Drive In, Eat Out

Vali-Hi Drive-In Theatre
11260 Hudson Boulevard, Lake Elmo; (651) 436-7464
Cost: $6; 12 and under free. Movie starts after dusk.

65 Hi Drive-In Theatre
10100 Central Ave. NE, Blaine; (612) 780-3063
Cost: $6; 11 and under free. Movie starts after dusk.

United Noodles
2015 E. 24th St., Mpls.; (612) 721-6677
Hours: Monday-Saturday 9:30 a.m.-7:00 p.m.; Sunday 9:30 a.m.-5:00 p.m.

Craig Lassig

Location Info

Map

Vali-Hi Drive-In

11260 Hudson Blvd.
Lake Elmo, MN 55042

Category: Movie Theaters

Region: Lake Elmo

United Noodles

2015 E. 24th St.
Minneapolis, MN 55404

Category: Restaurant > Noodle Shop

Region: Uptown/ Eat Street

Coastal Seafoods

2330 Minnehaha Ave.
Minneapolis, MN 55404

Category: Restaurant > Seafood

Region: Uptown/ Eat Street

Coastal Seafoods
2330 Minnehaha Ave., Mpls; (612) 724-7425
74 Snelling Ave. S., St. Paul; (651) 698-4888
Hours: Monday-Friday 10:00 a.m.-7:00 p.m.; Saturday 9:00 a.m.-7:00 p.m.

 

Isn't it kind of early for a drive-in movie? Maybe just a tad, says 65-Hi owner Irving Braverman; normally he wouldn't open his Blaine theater until mid-April, but he has moved the schedule up because of the warm weather. Over at the Vali-Hi in Lake Elmo, manager Joe Murr says his hardy patrons are usually ready for outdoor cinema by the first weekend in April. In any event, here it is: drive-in season. Six full months of opportunities to sit in a car and watch the big screen. Or, in my case, to sit far from the car, in front of the screen, and have a picnic. On a blanket, or in chairs, with a good radio to pick up the sound as the enormous Minnesota sky arches overhead in a dappled dome.

I think drive-ins are one of the greatest treats available in the Twin Cities, and if I don't take the turnpikes to the outdoor screens at least a dozen times before Halloween rolls around, I'll count this a wasted summer. Murr points out that had I gotten to town a few decades earlier I wouldn't have had to take any turnpikes. When he started managing the Vali-Hi 22 years ago, he almost never saw patrons from Minneapolis or St. Paul, since the metropolis was amply supplied with theaters: The Corral in West St. Paul, the Minnehaha off Minnehaha Avenue in St. Paul, the Rose Drive-In in Roseville, the Mann France on France Avenue, the Hilltop in Columbia Heights, the Colonial off Highway 55, the Hundred Twin off Highway 100, the Lucky Twin down in Burnsville, and the Flying Cloud in Eden Prairie--to name but a few.

Which made me sad. Because I think if there were that many drive-ins today I could set up a tent, run a laptop cord from the popcorn stand, and be happy, outside, for the whole summer. And I don't know what movies are coming this year, and frankly, I don't even care: I'll see anything at the drive-in. I mean, I saw Wild Wild West at the drive-in last year. I saw Bowfinger. Twice. You think I'm kidding, but I'm not. You know how fishermen or hunters will go on and on about how their pursuit gives them an excuse to be alone and meditate in nature? Well, to me the drive-in is a city kid's answer to a duck blind, the opportunity to examine the ever-changing night sky without the pressures of the world. Better yet, it's a chance to sit outside and do nothing, with snacks.

As a drive-in pro, I'm happy to tell you that if you've got a grill and some organizational skills, there is a plethora of perfect drive-in prep pads hereabouts: Buon Giorno (Italian sausage, fine cheeses, crackers, beer, wine, bread, amaretti!); Cossetta's (ditto, save the beer, add cannoli, and they're open late in the summer); Kramarczuk (Eastern European sausages and sweet rolls; Surdyk's virtually next door); and any of the co-ops. But, being perpetually unsatisfied, I thought I'd kick off the season with a search for something different. What if, I thought, you wanted Asian? Or fish? Or some sort of Asian fish thing?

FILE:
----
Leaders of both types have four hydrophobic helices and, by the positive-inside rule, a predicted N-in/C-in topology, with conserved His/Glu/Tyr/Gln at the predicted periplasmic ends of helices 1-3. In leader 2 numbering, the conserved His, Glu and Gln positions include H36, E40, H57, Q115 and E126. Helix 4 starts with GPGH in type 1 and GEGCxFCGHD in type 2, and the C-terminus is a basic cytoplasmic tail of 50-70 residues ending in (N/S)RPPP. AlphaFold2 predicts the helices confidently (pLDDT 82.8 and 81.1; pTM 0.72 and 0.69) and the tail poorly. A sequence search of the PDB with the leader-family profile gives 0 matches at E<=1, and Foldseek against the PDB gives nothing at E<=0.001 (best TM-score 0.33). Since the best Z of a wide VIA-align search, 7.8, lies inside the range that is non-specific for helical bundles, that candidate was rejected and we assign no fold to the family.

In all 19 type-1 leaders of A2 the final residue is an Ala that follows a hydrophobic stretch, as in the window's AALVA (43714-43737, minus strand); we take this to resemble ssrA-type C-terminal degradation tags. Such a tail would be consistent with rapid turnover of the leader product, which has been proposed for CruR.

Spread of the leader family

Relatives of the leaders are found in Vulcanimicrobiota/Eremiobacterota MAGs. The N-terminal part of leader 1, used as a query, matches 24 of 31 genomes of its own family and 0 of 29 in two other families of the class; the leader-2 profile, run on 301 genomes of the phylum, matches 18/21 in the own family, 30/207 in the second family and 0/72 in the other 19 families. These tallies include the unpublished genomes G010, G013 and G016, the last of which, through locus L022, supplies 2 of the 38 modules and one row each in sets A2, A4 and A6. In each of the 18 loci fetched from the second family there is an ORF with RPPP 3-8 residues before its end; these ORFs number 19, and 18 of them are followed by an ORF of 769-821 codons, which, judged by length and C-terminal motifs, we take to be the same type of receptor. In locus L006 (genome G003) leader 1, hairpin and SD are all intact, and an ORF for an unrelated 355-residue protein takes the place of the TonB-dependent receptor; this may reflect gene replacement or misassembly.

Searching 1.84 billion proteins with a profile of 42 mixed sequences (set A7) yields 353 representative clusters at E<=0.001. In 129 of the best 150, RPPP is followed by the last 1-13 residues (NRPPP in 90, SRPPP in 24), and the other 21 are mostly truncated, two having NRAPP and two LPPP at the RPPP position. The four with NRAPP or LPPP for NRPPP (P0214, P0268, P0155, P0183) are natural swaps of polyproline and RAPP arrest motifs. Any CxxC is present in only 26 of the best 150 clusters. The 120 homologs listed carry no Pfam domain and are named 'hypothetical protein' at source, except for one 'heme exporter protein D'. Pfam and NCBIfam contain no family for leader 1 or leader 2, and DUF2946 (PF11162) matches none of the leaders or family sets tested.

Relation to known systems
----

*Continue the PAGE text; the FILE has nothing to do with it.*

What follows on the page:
So I motored down to Coastal Seafoods, and it all fell into place. There they were, the thick, substantial fish steaks and fillets you need for confident grilling under the stars: tuna, sea bass, sturgeon, maybe even a whole, cleaned rainbow trout. And for those scared of whole fish, the freezer holds seasoned salmon burgers ($3.49 each). As I stood contemplating the selection, the rest of the meal came into focus: There's a big basket of Alice Factor bread on Coastal's counter, the walls are lined with every sort of spice powder and marinade you could imagine, and in the corner sit big bags of honest-to-goodness hardwood charcoal ($7.99 for 8.8 pounds). Now that's living. That's eating. In fact, grilled sturgeon with baguette is probably even better eating than you could have wrangled at the Corral Drive-In, lo those many years ago.

Then, coming out of Coastal, I spied United Noodles across the street, and the vision of it caused me to feel as a panda must, charging for spring's tender bamboo shoots: Eureka! The finishing details to the feast of feasts. Parsley, cilantro, basil, chives, garlic, shallots, and lime to perfect your fish, and then on through the aisles for snacks, treats, and beverages of every dimension.

Especially the poetic dimension. I am quite fond of the cayenne-crusted peanuts called crackernuts ($1.29)--you'd be amazed at how often you can work the name into a conversation: "So, this total crackernut calls me up and wants to know if I can crackernut everything I'm doing and rush right over and I'm like: 'Crackernuts to you, buddy.'" Crackernuts!

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